Magnificent Maps is showing at the British Library until 19 September 2010.

[Images: Detail from The Island by Stephen Walter, 2008; Map of Nowhere by Grayson Perry, via British Library and ArtNet]

One Year On: Favourite London Places

View London in a larger map

To celebrate having lived in London for a Whole Year, I've made this Google map showing some of my favourite places in the city. Here you will find places to see art, look at books, eat (lots of these), drink, shop and meander... Click on a pin to see more - you might have to open a map in a new window to see all the pins.

The exploring continues, so perhaps by this time next year, I'll have a whole lot more great places to write about.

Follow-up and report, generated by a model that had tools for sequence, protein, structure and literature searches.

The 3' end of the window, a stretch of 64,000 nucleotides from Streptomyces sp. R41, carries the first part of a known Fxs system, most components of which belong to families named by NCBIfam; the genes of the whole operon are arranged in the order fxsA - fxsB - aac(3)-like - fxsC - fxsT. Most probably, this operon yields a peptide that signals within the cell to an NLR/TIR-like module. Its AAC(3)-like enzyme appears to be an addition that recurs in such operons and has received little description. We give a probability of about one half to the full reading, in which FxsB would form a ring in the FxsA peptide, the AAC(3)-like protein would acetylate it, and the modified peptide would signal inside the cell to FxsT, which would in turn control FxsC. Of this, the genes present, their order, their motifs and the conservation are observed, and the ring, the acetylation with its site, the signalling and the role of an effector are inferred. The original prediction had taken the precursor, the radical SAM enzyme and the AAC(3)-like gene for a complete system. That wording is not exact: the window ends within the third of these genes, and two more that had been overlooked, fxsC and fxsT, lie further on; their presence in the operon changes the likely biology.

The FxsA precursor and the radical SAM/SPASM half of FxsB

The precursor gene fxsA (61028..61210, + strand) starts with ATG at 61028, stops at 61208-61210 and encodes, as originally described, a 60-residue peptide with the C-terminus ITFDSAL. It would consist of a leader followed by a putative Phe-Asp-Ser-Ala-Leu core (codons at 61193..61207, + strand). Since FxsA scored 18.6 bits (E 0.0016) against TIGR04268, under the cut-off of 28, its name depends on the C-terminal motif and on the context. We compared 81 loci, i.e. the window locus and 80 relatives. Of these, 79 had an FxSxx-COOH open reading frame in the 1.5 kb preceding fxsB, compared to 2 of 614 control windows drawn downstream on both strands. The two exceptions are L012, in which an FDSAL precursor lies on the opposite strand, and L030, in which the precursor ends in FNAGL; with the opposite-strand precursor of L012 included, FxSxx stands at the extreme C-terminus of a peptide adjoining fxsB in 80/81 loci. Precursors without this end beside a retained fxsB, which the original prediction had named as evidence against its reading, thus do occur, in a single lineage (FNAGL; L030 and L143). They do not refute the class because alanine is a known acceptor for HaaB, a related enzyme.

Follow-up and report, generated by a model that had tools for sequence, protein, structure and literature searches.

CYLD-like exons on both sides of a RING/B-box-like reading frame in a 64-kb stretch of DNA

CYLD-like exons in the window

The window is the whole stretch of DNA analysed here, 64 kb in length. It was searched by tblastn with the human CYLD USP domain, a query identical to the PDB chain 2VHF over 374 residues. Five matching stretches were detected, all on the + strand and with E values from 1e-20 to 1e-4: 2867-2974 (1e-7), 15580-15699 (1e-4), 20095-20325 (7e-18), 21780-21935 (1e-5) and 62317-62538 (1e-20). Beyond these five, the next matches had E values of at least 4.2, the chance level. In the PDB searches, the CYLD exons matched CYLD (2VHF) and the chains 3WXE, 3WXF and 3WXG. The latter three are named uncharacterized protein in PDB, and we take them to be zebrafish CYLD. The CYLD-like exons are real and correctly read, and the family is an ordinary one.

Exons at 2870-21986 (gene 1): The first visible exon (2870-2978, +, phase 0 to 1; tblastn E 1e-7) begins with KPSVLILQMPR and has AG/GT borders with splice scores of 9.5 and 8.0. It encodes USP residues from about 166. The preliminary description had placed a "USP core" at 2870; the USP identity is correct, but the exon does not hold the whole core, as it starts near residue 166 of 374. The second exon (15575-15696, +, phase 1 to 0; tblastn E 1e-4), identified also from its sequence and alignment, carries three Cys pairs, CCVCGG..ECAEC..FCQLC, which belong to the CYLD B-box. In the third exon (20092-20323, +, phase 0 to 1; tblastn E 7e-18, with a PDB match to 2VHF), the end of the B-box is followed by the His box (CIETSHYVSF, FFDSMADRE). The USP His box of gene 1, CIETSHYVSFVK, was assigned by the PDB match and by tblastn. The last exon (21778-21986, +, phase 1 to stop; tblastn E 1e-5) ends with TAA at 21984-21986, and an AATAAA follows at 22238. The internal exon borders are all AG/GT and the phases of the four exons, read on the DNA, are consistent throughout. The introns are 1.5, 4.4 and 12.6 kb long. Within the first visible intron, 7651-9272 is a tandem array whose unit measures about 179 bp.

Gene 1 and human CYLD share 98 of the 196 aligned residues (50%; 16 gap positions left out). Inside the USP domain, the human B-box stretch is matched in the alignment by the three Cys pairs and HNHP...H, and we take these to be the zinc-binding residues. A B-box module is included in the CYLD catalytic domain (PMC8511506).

Please do leave me a comment if you can recommend any new places you think I should discover!

John Bock at the Barbican

Although I knew that there was little chance that the new Barbican Curve exhibition was going to be anywhere near as entertaining as Céleste Boursier-Mougenot's fabulous birds, I went along to see the new installation by John Bock: Curve-Vehicle incl. π- Man-(.) this week.

This is the first major UK commission for German artist Bock, who is best-known for his absurd and eccentric interventions that that combine sculpture, film, installation art and performance. The 'Curve-Vehicle' itself is a four and a half metre high structure constructed from a patterned grille of steel in bright primary colours, which to me at least, was vaguely reminiscent of climbing frames in children's playgrounds - although according to the exhibition notes they in fact reference "the colourful fences often seen in the former East Germany", so there you go.